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Slime Molds And Water Molds

The fungus-like protists resemble the fungi during some part of their life cycle. These organisms exhibit properties of both fungi and protists. The slime molds and the water molds are members of this group. They all obtain energy by decomposing organic materials, and as a result, are important for recycling nutrients. They can be brightly colored and live in cool, moist, dark habitats. The slime molds are classified as either plasmodial or cellular by their modes of reproduction. The plasmodial slime molds belong to the phylum Myxomycota, and the cellular slime molds belong to the phylum Acrasiomycota.

The plasmodial slime molds form a structure called a plasmodium, a mass of cytoplasm that contains many nuclei but has no cell walls or membranes to separate individual cells. The plasmodium is the feeding stage of the slime mold. It moves much like an amoeba, slowly sneaking along decaying organic material. It moves at a rate of 1 in (2.5 cm) per hour, engulfing microorganisms. The reproductive structure of plasmodial slime molds occurs when the plasmodium forms a stalked structure during unfavorable conditions. This structure produces spores that can be released and travel large distances. The spores land and produce a zygote that grows into a new plasmodium.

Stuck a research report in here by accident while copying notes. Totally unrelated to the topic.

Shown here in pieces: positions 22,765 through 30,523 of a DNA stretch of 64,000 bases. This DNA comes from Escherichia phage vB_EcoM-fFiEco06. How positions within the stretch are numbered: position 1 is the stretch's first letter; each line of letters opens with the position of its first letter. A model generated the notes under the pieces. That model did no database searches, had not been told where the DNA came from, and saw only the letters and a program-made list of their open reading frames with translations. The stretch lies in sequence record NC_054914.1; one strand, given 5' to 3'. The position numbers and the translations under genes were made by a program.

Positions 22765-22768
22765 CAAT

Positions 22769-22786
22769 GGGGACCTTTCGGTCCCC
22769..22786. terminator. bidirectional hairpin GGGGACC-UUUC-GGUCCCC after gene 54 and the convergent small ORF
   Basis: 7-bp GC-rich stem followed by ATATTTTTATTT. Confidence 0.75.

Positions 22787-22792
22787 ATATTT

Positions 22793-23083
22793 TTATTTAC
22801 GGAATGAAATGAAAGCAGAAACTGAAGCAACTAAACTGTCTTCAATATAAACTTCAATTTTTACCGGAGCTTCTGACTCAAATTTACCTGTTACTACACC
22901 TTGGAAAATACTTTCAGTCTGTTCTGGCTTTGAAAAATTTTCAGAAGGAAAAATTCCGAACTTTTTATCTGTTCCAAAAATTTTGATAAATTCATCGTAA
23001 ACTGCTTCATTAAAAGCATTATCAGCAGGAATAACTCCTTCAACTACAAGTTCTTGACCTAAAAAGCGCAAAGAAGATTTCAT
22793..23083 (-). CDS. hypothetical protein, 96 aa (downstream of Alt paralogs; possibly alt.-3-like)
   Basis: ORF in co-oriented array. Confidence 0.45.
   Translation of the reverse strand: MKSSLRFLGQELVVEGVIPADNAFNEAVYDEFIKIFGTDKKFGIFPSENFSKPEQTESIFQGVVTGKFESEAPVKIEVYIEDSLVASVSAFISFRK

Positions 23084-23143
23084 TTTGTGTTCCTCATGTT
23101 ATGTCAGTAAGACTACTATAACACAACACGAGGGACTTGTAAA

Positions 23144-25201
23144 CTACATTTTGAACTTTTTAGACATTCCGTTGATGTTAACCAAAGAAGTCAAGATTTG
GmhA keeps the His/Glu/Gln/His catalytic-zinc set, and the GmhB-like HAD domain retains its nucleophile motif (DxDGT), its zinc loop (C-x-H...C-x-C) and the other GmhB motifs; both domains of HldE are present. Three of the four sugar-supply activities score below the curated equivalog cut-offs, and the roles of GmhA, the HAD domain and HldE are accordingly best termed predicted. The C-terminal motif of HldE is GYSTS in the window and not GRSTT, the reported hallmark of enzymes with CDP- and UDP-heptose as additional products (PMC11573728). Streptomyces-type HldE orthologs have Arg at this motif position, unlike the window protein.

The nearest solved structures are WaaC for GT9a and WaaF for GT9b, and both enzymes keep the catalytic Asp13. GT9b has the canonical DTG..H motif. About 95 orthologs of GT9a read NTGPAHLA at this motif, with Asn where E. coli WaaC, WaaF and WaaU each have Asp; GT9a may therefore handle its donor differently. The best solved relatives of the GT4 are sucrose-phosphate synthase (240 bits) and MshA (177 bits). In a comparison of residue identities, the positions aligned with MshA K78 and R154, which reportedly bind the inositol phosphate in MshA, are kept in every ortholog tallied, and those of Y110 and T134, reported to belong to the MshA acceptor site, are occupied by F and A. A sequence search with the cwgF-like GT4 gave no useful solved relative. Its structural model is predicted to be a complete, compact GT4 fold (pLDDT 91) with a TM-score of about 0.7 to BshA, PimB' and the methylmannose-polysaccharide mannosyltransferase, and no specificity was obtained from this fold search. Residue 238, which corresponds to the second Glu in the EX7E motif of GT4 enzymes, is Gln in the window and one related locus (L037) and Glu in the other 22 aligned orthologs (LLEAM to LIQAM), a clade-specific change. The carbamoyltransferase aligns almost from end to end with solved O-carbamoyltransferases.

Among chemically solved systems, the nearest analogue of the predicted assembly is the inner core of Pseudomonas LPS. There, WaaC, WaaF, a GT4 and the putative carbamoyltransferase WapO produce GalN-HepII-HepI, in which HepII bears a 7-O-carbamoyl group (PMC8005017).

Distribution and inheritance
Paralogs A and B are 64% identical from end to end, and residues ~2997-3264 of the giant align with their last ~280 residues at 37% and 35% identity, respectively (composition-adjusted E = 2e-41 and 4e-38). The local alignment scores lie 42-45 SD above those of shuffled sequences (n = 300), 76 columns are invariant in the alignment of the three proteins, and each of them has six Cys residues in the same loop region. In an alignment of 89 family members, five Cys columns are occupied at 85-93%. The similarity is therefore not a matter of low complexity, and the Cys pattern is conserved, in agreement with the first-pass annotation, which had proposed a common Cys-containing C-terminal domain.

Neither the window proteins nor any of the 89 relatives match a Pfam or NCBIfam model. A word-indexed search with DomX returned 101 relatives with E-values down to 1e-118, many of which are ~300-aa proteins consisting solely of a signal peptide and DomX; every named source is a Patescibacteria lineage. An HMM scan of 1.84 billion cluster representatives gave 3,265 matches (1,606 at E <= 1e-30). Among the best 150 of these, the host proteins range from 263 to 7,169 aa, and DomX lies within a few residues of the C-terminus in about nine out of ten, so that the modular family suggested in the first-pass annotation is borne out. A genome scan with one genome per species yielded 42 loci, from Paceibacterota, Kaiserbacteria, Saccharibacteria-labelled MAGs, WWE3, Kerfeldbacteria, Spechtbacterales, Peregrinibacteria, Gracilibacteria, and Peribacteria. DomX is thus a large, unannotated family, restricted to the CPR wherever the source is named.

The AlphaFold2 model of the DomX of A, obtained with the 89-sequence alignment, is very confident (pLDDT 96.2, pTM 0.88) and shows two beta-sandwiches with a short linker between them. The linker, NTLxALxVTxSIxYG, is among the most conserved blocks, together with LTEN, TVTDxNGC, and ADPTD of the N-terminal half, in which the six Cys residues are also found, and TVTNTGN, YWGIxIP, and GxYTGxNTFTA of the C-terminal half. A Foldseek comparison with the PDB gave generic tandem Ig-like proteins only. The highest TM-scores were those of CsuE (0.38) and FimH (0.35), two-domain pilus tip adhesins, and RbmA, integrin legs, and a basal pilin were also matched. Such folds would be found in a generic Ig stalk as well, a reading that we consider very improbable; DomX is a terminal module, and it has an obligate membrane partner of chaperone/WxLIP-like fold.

The cellular slime molds exist as individual cells during the feeding stage. These cells can move like an amoeba as well, engulfing food along the way. The feeding cells reproduce asexually through cell division. When conditions become unfavorable, the cells come together to form a large mass of cells resembling a plasmodium. This mass of cells can move as one organism and looks much like a garden slug. The mass eventually develops into a stalked structure capable of sexual reproduction.

The water molds and downy mildews belong to the phylum Oomycota. They grow on the surface of dead organisms or plants, decomposing the organic material and absorbing nutrients. Most live in water or in moist areas. Water molds grow as a mass of fuzzy white threads on dead material. The difference between these organisms and true fungi is the water molds form flagellated reproductive cells during their life cycles.

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